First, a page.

IN YOUR FACE: HOW ARTISTS TRANSFORMED LA’S URBAN LANDSCAPE AN INSTALLATION IN 3 MOVEMENTS
AN INSTALLATION IN 3 MOVEMENTS
Angel City Brewery, 216 S. Alameda, Los Angeles, CA 90012
OPENING: April 11, 6:30 pm to 10 pm
Featuring a live performance by the Society for Experimental Musicians (Sex.M.)
Artwork, photos and ephemera documenting the anti-establishment art scene in the 80’s in downtown LA, focusing on the Art Dock, the Atomic Cafe, the American Hotel and the faces and walls of the Arts District, featuring work by Carlton Davis, Ed Glendinning, Irving Greines and Stephen Seemayer.
There was a an explosion of creative activity in downtown Los Angeles in the 70’s and 80’s when hundreds of artists colonized the empty warehouses and abandoned factory spaces in the eastern section of the urban center, extending into the area by the LA River now known as the Arts District. Street installations, performance art and innovative exhibitions in adapted spaces enlivened the blighted streets and paved the way (regrettably, some might say) for the renaissance of downtown that continues to this day. Artists such as Skip Arnold, Bob & Bob, John Baldessari, George Herms, Paul McCarthy, Llyn Foulkes (to name just a few) benefited from the vigor and vitality of a pioneering community of artists who eschewed traditional gallery venues for non-traditional exhibition space, organized guerilla-style in warehouse spaces, on the street and in your face. Jonathan Jerald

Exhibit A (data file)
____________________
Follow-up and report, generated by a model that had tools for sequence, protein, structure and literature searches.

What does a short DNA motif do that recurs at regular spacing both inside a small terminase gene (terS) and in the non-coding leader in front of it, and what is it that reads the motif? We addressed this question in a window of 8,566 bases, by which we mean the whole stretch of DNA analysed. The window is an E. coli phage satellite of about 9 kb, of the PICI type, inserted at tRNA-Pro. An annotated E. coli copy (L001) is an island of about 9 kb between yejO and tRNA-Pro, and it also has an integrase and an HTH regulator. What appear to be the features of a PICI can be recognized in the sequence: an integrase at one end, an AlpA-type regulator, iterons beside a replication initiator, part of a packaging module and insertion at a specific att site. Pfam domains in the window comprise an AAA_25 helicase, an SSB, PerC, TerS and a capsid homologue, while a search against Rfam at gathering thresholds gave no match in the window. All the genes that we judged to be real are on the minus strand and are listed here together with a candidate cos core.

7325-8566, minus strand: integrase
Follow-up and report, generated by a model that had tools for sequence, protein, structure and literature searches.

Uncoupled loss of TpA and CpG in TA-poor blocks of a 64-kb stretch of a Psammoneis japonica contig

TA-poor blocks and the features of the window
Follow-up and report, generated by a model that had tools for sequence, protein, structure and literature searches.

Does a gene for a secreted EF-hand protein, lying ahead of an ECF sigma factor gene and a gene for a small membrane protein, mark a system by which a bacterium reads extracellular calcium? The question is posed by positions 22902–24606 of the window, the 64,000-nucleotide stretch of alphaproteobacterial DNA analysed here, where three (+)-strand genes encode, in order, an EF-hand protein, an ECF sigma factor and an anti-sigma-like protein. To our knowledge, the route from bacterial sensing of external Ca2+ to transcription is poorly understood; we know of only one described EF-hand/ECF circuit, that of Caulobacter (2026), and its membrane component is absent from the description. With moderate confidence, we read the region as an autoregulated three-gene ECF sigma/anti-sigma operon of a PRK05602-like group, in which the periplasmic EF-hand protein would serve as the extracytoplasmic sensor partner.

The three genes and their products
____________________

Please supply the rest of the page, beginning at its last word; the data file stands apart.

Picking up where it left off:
A Brief History of the Art Dock
The ART Dock, the world’s first drive-by Art Gallery, existed in Downtown Los Angeles from 1981-1986. The idea for this alternative gallery came one day when I and several other artists were sitting in the late afternoon sun in the loading dock of my loft. A car drove by, stopped, and stared at us. We thought that they thought we were an exhibit. We, the artists, became totally still. When the car drove away we broke into laughter. What a great idea, I exclaimed, a drive-by gallery in a loading dock. It seemed a logically extension of LA’s Car Culture, where we have drive-by banks, restaurants, and churches. The loading dock, where commodities are unloaded and loaded into the city, was a perfect place for a drive-by gallery. The Art Dock came into being.
Like many art ideas, the Art Dock demanded a manifesto. The manifesto written was intended to be a playful reworking of ideas about Los Angeles as a place and art as a commodity. The Art Dock out grew its manifesto and morphed into other things over the years of its existence. As I saw it the Art Dock lived through four definitions. I called them acts. The first year, Act 1, was the manifesto. In Act 2, the Art Dock became a community gallery for the Downtown LA group of artists. Act 3 was about the Olympics, when in 1984 the Olympic games came to LA and visual artists were promoted as part a program to show the world that LA was a center of world culture not just in the film industry, but also in all the other arts. Act 4 was about my idea that the Art Dock could be a legitimate business, which was a comic disaster ending with the closing of the gallery.